US Economists Trim Economic Recovery Estimate

Although economists have trimmed their estimates for second-quarter U.S. gross domestic product (GDP) growth, they don’t believe the economy will hit a recession this year or next.
The National Association for Business Economics’ Outlook survey of 50 economist, taken just days after the release of the June jobs report, also found economists believe the Federal Reserve will hike rates earlier than previously expected.

The panelists’ median forecast for annual second-quarter 2014 real GDP growth is 3 percent, down from the 3.5 percent median forecast when the full Outlook survey was last released in June.

But in a positive sign, economists said the probability of the U.S. economy entering a recession in 2014 or 2015 is extremely low, with 60 percent of panelist saying the odds were less than 10 percent.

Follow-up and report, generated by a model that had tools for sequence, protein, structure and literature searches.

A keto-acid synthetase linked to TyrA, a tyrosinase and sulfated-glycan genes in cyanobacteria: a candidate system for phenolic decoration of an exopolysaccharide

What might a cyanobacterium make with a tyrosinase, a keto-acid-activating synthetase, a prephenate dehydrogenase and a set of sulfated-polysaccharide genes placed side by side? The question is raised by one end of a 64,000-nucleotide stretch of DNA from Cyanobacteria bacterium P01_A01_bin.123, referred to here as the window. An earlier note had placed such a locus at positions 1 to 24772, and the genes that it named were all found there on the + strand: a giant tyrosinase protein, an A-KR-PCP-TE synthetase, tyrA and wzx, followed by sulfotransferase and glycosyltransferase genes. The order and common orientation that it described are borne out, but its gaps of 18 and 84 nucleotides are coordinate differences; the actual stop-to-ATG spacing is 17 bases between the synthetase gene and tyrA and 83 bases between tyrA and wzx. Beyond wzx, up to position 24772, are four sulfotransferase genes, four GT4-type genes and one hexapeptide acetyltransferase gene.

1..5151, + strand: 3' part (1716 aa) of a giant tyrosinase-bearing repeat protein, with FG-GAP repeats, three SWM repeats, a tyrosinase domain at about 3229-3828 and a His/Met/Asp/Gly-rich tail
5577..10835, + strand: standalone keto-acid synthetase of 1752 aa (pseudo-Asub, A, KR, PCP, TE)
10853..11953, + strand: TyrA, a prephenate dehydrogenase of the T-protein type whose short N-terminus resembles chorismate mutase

“Notwithstanding the difficult start to the year, opinion is widespread that the economy is on solid footing,” said Timothy Gill, Outlook survey chair.

The minutes from the Fed’s latest policy meeting did not indicate did not indicate that the central bank intends raise interest rates ahead of schedule. But with unemployment and inflation getting closer to the Fed’s target levels, analyst are predicting that rate hikes could come sooner rather than later.

via CNBC

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Alfonso Esparza

Alfonso Esparza

Senior Currency Analyst at Market Pulse
Alfonso Esparza specializes in macro forex strategies for North American and major currency pairs. Upon joining OANDA in 2007, Alfonso Esparza established the MarketPulseFX blog and he has since written extensively about central banks and global economic and political trends. Alfonso has also worked as a professional currency trader focused on North America and emerging markets. He has been published by The MarketWatch, Reuters, the Wall Street Journal and The Globe and Mail, and he also appears regularly as a guest commentator on networks including Bloomberg and BNN. He holds a finance degree from the Monterrey Institute of Technology and Higher Education (ITESM) and an MBA with a specialization on financial engineering and marketing from the University of Toronto.
Alfonso Esparza